An Overview of Chronic Spinal Pain: Revisiting Diagnostic Categories and Exploring an Evolving Role for Neurostimulation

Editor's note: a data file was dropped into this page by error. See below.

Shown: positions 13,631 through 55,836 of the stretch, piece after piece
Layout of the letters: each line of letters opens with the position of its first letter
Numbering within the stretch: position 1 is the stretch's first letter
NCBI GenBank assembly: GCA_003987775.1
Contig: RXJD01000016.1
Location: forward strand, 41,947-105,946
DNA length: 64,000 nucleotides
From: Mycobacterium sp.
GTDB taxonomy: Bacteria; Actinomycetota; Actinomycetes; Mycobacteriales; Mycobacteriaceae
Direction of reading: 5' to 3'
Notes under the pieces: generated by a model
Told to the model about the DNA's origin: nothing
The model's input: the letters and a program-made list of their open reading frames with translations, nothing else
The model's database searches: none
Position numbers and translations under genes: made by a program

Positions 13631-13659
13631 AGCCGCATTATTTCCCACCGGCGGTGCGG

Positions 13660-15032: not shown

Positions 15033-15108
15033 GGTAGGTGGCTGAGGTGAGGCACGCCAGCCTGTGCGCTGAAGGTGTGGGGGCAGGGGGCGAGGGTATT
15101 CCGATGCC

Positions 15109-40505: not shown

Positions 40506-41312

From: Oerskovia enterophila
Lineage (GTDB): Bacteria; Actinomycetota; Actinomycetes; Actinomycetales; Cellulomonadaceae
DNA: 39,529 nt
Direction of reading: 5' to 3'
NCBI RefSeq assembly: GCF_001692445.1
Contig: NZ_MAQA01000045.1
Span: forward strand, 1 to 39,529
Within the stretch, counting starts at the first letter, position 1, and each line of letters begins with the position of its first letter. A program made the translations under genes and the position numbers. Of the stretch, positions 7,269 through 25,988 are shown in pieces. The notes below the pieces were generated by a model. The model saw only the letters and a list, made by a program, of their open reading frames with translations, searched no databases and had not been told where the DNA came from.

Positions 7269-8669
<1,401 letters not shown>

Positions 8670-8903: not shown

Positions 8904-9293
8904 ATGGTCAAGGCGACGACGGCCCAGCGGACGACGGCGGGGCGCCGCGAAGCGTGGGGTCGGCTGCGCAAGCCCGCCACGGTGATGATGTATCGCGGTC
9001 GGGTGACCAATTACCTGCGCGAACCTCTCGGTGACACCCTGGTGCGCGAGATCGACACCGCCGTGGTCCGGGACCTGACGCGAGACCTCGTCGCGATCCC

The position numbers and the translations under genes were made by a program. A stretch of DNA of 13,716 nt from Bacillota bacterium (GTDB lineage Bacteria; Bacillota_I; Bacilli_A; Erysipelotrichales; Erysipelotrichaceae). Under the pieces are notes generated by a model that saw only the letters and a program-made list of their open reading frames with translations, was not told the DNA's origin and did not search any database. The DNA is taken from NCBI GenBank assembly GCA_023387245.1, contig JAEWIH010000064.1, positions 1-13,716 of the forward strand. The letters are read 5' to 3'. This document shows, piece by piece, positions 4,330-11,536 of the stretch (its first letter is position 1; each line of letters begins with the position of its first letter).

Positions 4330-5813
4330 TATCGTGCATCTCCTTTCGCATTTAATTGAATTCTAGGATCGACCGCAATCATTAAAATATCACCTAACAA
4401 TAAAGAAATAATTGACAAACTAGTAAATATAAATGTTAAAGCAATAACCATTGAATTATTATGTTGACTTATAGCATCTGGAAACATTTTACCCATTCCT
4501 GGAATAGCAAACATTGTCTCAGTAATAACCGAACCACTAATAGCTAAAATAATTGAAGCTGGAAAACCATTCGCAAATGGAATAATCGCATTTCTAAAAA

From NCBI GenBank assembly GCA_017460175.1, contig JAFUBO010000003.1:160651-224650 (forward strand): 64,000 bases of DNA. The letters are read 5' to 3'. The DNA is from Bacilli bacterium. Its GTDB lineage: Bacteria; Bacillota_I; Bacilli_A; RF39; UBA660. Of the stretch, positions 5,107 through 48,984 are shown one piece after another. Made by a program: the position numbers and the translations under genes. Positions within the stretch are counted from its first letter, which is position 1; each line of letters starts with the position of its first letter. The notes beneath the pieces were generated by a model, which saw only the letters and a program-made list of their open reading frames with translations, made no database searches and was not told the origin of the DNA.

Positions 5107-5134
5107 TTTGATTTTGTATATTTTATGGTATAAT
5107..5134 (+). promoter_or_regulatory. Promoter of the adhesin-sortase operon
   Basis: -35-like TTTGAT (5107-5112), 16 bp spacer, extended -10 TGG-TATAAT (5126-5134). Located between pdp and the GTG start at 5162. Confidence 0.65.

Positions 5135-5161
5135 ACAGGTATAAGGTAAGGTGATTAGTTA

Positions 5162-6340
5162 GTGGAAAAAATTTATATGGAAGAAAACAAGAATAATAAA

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Study Design.Topic overview.Objective.To describe the varied etiologies resulting in chronic spinal pain and review the current available evidence for treatments.Summary of Background Data.Chronic pain conditions, especially those that affect the axial back and radiate to the extremities, affect a large population. This results in pronounced disability and a high socioeconomic burden. Our understanding of the underlying mechanisms for chronic pain is limited. This prevents a comprehensive diagnostic approach. Evidence from high-level clinical trials supporting treatments for chronic spinal pain is also limited.Methods.Articles were identified through PubMed searches or already known to the author. The literature was reviewed and summarized, indicating the strength of evidence available for many treatment modalities.Results.There are very few studies published that evaluate behavioral modifications for chronic spinal pain and only one long-term study investigating chronic pharmacological treatments. The data on the success of spinal surgeries to relieve chronic spinal pain suggest an unacceptably high failure rate. The best evidence (Level I) currently available suggests that spinal cord stimulation is a safe, effective, and durable treatment for chronic spinal pain. Recent clinical data support further investigation of new innovations and earlier therapeutic consideration of currently employed approaches.Conclusion.Currently, physicians are limited in the practice of evidence-based medicine regarding chronic spinal pain treatments due to both the paucity of data available and an inconsistent diagnostic nomenclature. The introduction of new neurostimulation modalities is promising but requires better characterization through ongoing prospective clinical investigation.Level of Evidence: 5

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